I have joined a choir. I've done so after a late night and rather drunken session on the karaoke machine of some friends. Having delivered versions of a couple of Elvis numbers I now can't even recall, the room declared me a natural and a new career was born.
So, on the undoubtedly biased and alcoholically compromised recommedation of my friends, I sought out a community choir in the locality. Mercifully, it is far enough away from the castle - a different county in fact - to mean that if it all goes pear shaped, I shall not be too shown up.
When I call the choirmaster to enquire about vacancies he asks me what do I sing. I tell him that I'm fond of the big West End musicals, Frank Sinatra and (here I think I'm being a bit cavalier) occasionally a bit of Elvis.
There's a very pregnant pause at the other end of the phone and I wonder if I just went to far with reference to Elvis and that perhaps I would have been better laying claim to a new Rydian tribute act instead.
'No Mr Bennett...' Oh dear, Mr Bennett is definitely not a good start. '...When we ask what do you sing, we mean tenor, baritone or bass.'
'Well Mr Swinbank,' I reply, sensing that in choral circles it is just too familiar to use first names until your order in the choir has been established, 'I really have no idea.'
Another longer than is decent pause. 'No.' And then, 'I'd guess at tenor. Well come along at seven next Wednesday and we'll see what you can do. We'll be at St Peter's because Reverend Cruickshank has a very fine organ. It' won't be difficult to find.' It's far more than I perhaps needed to know, as I don't know the Rev from Adam but what the hell, Wednesday it is and until then I am left to speculate as to the exact nature of Reverend Cruickshank's fine asset and how easy it'll be to locate.
I arrive at St Peter's bang on seven and from inside I can hear chatting, laughter and some gutteral sounds that are either voice exercises or the reverend's organ is playing up. Just then, somebody behind me says: 'Hello, you must be Simon.' I swing round and Janet Cruickshank introduces herself. She's lovely, puts me at ease and I am relieved that we will be able to discuss the quality of her organ now without further embarrassment. Inside, everyone else is also excited to meet me and I can see why. Janet and I clearly constitute the youth section and I am fearful that before long we are going to be called upon to sing a funeral mass for one of our own.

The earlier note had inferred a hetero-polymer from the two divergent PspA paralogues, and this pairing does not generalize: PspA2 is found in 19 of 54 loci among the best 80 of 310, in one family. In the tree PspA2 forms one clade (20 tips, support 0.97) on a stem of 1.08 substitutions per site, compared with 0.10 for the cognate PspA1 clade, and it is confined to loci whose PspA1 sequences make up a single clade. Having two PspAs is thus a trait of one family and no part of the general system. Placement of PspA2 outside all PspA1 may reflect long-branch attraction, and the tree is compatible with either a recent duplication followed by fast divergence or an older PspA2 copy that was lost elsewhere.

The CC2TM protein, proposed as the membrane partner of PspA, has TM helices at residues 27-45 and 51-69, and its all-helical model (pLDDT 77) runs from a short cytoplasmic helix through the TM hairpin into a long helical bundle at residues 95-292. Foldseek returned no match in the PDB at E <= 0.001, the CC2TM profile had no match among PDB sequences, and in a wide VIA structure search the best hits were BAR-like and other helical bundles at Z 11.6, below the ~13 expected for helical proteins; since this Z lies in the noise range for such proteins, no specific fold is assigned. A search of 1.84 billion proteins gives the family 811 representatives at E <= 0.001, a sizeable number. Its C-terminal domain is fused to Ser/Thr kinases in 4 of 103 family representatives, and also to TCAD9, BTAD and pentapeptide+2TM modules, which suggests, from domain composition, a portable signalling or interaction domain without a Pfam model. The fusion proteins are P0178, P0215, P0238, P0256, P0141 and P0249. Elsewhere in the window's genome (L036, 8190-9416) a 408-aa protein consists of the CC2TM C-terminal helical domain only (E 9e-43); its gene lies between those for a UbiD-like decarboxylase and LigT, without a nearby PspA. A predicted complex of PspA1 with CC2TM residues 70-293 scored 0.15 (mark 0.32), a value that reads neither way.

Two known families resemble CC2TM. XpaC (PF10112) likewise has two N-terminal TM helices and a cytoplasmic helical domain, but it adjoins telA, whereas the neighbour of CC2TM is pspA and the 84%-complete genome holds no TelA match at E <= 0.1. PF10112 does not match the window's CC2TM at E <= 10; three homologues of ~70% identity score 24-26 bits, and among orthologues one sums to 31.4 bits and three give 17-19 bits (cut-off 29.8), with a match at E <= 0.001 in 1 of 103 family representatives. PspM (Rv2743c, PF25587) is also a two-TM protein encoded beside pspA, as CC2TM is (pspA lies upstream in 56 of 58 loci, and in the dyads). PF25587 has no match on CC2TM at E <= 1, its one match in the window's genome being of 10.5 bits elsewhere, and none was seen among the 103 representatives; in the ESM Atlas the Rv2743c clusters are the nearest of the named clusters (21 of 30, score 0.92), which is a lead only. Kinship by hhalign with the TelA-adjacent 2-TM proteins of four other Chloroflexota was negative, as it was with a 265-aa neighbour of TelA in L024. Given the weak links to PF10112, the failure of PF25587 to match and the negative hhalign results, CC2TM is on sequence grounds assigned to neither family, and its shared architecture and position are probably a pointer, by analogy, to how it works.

I am introduced to everyone by first names which is encouraging and, having clearly been briefed on my choral credentials, nobody asks what sort of music I prefer. I take a pew, am handed some sheets of music and Mr Swinbank (who doesn't go by his first name) raises his arms. I'm not that good at reading music. I have a schoolboy grasp of the theory. In fact it's not really reading at all, more following the pattern of blobs up and down the lines on the understaniding that the ones nearer the top of the page are higher than those at the bottom, but it gets me through a solo rendition of a well known hymn. Mr S seems pleased at the end of it and there is a ripple of appreciation from everyone else. He confirms his initial telephone assessment that I am a tenor and that I have a pleasing tone. I have an idea that Pavarotti might have been a tenor so feel happy with that. Apparently they had hoped for a baritone as there is a shortage but this is a common problem.
All goes well and I find that the music becomes more intelligible and my confidence grows. We are practising a programme of popular folk songs from the nineteenth century. I don't recognise any of them but they're jolly enough and have certainly expanded my repertoire. Predictably, however, they are not available on our friends' karaoke machine.
Three weeks in, we are in mid song when the church door rattles, swings open and in strides a true vision. Everyone carries on singing but I am agog and Rachel next to me leans over and whispers: 'That's Brenda.'
Brenda has been on holiday. I speculate that, by the look of her, she has been to shot-putting camp in the Ukraine. She has shoulders almost as wide as the aisle and I fleetingly wonder if our lady vicar's organ is all that safe after all.. I also can't help wondering where she finds a pink tracksuit in that size and whether she gave a second thought to accesorising before she pulled on those wellies. Apparently, as if this is supposed to explain such a cataclysmic lack of sartorial elegance, she is a sheep breeder - not farmer, breeder. Pedigrees.Very clean, no messing about in the fields. So why the wellies? Best not ask. Then I think, is this the solution to the choirs' baritone shortage?
Well, I don't actually know what sort of voice Brenda has because in this particular instance it seems rude to ask, a bit like what bust size are you or do you have a specially adapted bathroom, but she comes and stands behind me and as she joins in I am startled by the rich, honey-like tone of her voice. It's like being wrapped up in satin. Quite amazing. This alone is going to be worth coming back for.